>You’ve Got a Friend

>We went downtown tonight to The Flying Fish for our favorite fried catfish and frozen ‘ritas, with two dear friends. Friends we have known for 38 years. I wonder if that’s a Southern thing… to still be friends with people you’ve known since college… or even high school. One of these friends, the girl friend, came over yesterday morning for coffee, and as we shared some struggles we were both having, we commented on how good it is to have a friend with whom we have a history. We met our freshman year at Ole Miss. We’re both from Mississippi. We go to the same church. We both have adopted children. We’ve been through a lot together, and yet, we don’t always agree about everything. Sometimes we hit a “bump” in the road of our friendship. But we’re still here. We still love each other. And enjoy being together. So I came home and got out old photo albums… this is me with these dear friends in the summer of 1978… Jonathan, my 30-year-old helicopter pilot is asleep in my lap. He was 9 months old. (Forgive the sentimental digression… the older I get….well, you know.)

Over catfish she asked me if I had read the book, The Feast of Friendship, by Father Paul O’Callahan. Father Paul is coming to speak on Friendship at the annual women’s retreat sponsored by our church January 18-19. (It was originally scheduled for October but got re-scheduled.) I read the book a few years ago and was so impressed that I used it as the main source for a session of a women’s retreat I was giving in Austin, Texas in 2005.

Some of Father Paul’s main points mean even more to me now, two years later. I’ve made some new friends who are very special to me. And I’ve survived some battles with old friends… or rather, our friendship has survived. Tonight I got back out the notes from my retreat session and read them again. A few points really struck me:

Moral DevelopmentFriendship is the crucible of the moral life, the relationship in which we come to embody the good by sharing it with friends who also delight in the good…. Growth in virtue is not accidental; it takes place through the ongoing relationships we have with people who are one with us in what we most deeply desire. These people are our best and closest friends, and because what we desire matters to them as well, it is with and through them that our moral development occurs.

Because what we desire matters to them. They value our treasures. And we value theirs. Whether or not we desire the same things. (Father Paul also talks about types of friendship in which people are drawn together by common interests, like sports, or books, or art, or music. And this is a good thing. But a soul connection can happen between friends who have very different interests, if they value one another.)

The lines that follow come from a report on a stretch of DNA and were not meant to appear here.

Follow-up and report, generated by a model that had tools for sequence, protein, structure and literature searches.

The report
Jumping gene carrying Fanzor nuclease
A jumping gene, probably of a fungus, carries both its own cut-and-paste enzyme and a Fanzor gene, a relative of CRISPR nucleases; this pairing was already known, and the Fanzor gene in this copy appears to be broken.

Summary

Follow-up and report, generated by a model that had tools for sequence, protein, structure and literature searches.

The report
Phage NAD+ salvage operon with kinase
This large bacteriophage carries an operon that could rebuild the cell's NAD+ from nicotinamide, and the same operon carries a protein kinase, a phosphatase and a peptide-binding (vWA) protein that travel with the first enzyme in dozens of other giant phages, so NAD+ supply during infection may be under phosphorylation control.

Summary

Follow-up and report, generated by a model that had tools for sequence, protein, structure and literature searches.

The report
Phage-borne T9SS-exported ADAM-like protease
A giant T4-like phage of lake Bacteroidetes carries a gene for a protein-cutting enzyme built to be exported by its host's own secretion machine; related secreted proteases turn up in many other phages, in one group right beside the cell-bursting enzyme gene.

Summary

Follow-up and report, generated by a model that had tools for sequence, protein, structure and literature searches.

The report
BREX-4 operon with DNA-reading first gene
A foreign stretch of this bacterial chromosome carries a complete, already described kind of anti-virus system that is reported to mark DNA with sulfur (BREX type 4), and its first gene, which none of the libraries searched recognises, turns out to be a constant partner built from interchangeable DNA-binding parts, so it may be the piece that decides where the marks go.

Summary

The Creativity of FriendshipBecause we allow our friends access to the intimate spaces of our hearts, we place them in a position to deeply affect us…. Genuine friends grant us access to the most creative dimensions of our souls by receiving us and reflecting us back to ourselves…. [they] make us into a person we could have never become on our own…. [they] foster the development of our soul.

This was probably the most exciting section of the book for me. The friends who have giving me the boost I need to study iconography and take writing courses and write essays and short stories and even work on a book… The ones who have believed in me when I’ve been nervous about speaking at a retreat or giving an iconography lecture at a college (when I don’t even have a college degree and have always felt inferior). I hope that I can be that kind of friend to someone. To help them be all that they can be. And realize how wonderful they are.

Father Paul’s book also talks a lot about some of the issues and problems encountered in friendships. And about things like boundaries and distance and balance and sexual attraction and so forth. I’m really looking forward to the retreat, to hear him address these things personally. For now, I’ll only say a couple of more things about the book.

Suffering – He says that suffering is involved in friendship because of two things: Risk – there is pain involved when difficult circumstances arise in the relationship. Because we let ourselves love, we will also hurt. And Moral failings – betrayal and weaknesses can launch an assault on the friendship. The only way it can survive is through forgiveness. (which is what Father Sofian was talking about… see my post of December 7.)

Is it worth the risk? Fr. Paul thinks so:

In spite of how they [friendships] may hurt us, we are never the same again…. We have drunk deeply of their souls and they of ours.

So, why is friendship a feast? I’ll let Father Paul tell you how it’s sacramental, mystical and beautiful, (or you can read the book)… but I love that it’s iconic – “a form of love that beckons beyond itself.”…. as an icon does.

Always there’s a segue into icons…. so here’s an update on the Mother of God, Directress icon that I’ve been working on. I finished her face and hands, and got some highlighting done on the Christ Child’s face and hands this weekend. Photos of the icon in progress. Hope to finish this week… but tomorrow a friend (yes!) is coming over to help me clean up my icon studio, which has been a mess for about six months.

Here’s the whole icon… with work left to be done on Christ’s face and hands, and some decorative fringe on Mary’s right sleeve.

Maybe we’ll listen to this while we’re working…. for sure I’ll be thinking about it… You’ve Got a Friend…. from 1971 (!)

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